The new measures proposed in the NPRM would require railroads to:

Prevent trains or vehicles transporting specified hazardous materials from being left unattended on a mainline track or side track outside a yard, unless specific securement requirements are followed.Develop a plan identifying such locations or circumstances.Verify securement by qualified persons; and ensure that locks on locomotive cab are secure. Include securement requirements in job briefings.Perform additional inspections by qualified persons when emergency responders have been on equipment.Install locking mechanisms on locomotive doors and repair them in a timely manner.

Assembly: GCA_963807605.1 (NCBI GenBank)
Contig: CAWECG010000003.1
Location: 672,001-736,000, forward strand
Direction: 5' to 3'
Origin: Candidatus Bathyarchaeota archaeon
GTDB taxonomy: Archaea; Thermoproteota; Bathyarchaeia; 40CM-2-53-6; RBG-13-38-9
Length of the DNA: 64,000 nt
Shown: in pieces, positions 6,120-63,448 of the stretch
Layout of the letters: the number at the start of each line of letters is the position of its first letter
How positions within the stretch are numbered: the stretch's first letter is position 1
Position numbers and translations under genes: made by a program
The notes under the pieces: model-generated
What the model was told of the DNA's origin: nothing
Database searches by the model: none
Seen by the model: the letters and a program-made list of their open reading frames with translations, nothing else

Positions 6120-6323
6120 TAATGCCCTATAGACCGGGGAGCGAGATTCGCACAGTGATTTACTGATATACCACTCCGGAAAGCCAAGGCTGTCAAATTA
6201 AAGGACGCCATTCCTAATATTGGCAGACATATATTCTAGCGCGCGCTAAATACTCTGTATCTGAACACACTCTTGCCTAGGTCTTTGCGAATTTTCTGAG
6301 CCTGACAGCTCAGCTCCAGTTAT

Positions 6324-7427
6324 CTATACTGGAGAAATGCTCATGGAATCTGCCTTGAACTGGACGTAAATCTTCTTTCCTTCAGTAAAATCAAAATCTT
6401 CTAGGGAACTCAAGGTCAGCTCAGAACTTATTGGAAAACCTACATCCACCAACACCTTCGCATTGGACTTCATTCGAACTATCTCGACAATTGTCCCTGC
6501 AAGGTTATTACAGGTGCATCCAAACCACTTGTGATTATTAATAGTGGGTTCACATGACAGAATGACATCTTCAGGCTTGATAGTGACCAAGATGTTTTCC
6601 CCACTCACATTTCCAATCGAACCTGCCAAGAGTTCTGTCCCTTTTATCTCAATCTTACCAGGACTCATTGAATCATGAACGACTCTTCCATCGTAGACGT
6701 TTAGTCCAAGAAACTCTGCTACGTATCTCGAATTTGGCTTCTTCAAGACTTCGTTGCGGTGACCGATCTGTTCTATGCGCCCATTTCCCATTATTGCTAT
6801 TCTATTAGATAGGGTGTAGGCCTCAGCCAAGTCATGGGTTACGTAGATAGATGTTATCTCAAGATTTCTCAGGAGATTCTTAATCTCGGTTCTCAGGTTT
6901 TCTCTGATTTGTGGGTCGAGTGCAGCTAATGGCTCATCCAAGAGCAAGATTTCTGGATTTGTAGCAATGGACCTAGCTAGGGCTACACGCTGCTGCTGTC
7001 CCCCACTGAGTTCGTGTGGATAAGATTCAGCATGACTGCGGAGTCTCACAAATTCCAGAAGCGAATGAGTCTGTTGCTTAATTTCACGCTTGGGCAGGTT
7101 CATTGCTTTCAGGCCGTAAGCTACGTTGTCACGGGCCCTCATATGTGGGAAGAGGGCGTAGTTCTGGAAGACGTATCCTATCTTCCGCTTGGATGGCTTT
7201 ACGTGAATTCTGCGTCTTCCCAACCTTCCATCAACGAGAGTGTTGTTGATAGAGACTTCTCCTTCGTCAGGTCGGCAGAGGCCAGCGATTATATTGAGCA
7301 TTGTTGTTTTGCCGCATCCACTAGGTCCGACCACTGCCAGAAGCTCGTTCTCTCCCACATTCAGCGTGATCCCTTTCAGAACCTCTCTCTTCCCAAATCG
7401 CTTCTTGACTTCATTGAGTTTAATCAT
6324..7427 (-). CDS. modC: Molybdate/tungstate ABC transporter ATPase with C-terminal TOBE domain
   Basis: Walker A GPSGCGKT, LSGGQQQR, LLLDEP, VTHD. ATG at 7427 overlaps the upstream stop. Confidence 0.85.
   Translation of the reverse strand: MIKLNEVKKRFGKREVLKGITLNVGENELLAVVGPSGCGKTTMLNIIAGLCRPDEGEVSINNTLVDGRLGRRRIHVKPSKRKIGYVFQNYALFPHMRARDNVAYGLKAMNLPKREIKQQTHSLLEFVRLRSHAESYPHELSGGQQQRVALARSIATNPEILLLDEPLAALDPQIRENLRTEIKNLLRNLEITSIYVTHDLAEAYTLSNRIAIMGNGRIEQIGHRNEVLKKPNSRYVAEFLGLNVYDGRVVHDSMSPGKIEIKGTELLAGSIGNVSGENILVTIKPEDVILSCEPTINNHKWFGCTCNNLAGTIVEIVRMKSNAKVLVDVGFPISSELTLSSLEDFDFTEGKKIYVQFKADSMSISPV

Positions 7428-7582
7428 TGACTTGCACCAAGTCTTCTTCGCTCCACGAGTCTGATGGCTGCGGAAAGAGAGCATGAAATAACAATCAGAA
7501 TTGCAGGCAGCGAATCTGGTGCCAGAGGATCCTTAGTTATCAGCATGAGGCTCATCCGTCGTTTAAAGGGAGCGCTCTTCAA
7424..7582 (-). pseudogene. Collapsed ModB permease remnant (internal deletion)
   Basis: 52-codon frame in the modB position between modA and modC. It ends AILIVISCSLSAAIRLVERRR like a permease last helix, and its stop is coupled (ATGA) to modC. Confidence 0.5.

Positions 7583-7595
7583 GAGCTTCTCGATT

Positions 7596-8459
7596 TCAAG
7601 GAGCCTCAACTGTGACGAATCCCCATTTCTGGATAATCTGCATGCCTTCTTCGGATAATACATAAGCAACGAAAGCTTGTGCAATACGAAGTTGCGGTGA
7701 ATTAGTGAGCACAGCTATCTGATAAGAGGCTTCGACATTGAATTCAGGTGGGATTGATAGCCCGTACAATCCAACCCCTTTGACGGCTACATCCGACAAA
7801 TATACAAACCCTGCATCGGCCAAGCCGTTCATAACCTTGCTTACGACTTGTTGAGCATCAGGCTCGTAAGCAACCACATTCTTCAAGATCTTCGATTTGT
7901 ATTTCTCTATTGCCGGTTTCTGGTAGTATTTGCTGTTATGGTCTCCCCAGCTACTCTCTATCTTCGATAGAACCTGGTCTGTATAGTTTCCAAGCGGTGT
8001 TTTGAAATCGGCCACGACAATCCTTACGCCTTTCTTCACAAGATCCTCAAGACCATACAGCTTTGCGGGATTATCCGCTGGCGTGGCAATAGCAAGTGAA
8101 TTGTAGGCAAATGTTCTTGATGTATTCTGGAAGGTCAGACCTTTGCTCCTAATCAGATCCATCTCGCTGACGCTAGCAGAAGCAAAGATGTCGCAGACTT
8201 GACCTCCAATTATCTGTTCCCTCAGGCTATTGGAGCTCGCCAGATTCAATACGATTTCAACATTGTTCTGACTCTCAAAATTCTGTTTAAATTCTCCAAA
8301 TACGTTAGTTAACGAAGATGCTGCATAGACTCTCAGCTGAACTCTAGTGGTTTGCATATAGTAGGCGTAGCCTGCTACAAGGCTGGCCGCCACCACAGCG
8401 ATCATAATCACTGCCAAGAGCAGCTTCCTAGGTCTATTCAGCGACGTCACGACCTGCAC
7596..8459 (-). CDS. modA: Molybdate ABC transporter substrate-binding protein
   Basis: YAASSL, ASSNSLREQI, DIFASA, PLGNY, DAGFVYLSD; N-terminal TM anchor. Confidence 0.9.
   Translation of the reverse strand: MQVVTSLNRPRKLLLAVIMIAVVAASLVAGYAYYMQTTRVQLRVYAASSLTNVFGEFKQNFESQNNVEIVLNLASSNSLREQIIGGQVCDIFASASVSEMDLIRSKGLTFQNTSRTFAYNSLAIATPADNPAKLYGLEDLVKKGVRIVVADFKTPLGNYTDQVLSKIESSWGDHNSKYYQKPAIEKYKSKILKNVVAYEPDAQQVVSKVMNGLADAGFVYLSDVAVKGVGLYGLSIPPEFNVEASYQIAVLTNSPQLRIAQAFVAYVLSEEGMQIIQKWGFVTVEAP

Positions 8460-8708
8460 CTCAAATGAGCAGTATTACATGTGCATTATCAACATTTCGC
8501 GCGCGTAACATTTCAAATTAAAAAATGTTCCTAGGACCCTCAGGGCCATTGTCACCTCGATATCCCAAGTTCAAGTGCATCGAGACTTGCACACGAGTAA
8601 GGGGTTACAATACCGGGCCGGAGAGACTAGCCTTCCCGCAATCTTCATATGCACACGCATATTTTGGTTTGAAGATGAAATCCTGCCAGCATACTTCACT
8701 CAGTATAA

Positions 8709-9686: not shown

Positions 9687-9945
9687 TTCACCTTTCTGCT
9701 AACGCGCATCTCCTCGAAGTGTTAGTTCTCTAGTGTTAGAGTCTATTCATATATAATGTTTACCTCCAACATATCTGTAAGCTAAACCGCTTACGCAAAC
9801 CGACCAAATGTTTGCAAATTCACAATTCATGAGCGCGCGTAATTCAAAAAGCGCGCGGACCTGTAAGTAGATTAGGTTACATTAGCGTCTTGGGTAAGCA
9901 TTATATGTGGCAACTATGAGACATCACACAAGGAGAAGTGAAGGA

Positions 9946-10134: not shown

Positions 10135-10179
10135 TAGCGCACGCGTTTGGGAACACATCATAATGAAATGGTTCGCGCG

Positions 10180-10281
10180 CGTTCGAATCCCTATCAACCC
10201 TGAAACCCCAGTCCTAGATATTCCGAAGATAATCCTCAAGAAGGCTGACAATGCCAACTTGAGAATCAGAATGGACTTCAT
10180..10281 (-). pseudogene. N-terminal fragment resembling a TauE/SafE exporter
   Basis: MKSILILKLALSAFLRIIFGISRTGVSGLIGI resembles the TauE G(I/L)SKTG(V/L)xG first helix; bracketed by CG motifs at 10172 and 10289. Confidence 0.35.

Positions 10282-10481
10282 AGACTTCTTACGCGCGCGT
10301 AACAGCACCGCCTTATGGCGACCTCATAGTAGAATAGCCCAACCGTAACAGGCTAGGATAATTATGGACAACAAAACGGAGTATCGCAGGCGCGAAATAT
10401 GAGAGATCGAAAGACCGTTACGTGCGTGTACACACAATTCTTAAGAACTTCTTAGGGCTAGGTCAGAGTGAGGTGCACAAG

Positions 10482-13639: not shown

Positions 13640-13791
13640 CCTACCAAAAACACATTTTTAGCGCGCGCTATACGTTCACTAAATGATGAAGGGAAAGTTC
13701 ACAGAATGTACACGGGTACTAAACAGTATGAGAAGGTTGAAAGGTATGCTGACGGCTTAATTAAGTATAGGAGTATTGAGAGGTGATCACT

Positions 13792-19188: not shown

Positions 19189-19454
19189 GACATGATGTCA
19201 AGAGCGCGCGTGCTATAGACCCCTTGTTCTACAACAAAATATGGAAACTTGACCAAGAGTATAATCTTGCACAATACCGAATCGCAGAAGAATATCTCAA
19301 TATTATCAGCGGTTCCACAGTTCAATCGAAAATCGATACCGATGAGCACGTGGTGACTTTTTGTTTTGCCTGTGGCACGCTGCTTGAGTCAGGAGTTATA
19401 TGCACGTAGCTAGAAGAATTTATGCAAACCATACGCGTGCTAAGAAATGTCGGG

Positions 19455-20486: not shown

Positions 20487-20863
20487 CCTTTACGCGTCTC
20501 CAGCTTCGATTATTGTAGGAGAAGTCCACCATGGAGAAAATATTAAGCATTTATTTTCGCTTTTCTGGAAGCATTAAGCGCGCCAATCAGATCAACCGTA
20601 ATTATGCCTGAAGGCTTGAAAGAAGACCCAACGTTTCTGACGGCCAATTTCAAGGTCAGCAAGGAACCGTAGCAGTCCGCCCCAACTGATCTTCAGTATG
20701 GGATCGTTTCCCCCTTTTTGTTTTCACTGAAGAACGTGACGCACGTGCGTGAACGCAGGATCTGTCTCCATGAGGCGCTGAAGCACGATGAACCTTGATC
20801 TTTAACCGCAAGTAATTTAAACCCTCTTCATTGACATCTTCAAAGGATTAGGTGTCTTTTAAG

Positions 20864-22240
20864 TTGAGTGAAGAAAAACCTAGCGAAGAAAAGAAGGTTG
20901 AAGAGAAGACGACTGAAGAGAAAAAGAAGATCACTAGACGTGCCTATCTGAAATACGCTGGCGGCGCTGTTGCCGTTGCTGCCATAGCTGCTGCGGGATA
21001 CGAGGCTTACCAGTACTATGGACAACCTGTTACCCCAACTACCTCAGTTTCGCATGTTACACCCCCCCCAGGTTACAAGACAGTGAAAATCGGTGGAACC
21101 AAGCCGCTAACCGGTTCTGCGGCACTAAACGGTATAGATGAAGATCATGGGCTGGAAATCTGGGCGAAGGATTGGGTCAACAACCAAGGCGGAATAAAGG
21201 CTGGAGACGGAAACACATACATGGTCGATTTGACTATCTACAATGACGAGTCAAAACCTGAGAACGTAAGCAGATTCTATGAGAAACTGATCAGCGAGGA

The rule covers equipment containing poisonous by inhalation (PIH) materials and those defined as Division 2.1 (flammable gas), Class 3 (flammable or combustible liquid), Class 1.1 or 1.2 (explosive) materials, or a hazardous substance listed in 49 CFR 173.31(f)(2). This includes most crude oil moved in the United States.

“While our existing securement regulations have been largely successful, it’s important in light of events over the past year that we take additional steps to mitigate risk here in the United States,” said Federal Railroad Administrator Joseph C. Szabo. “This rulemaking will solidify our existing securement regulations and provide additional safeguards against the rolling of unattended freight trains, especially those carrying hazardous materials.”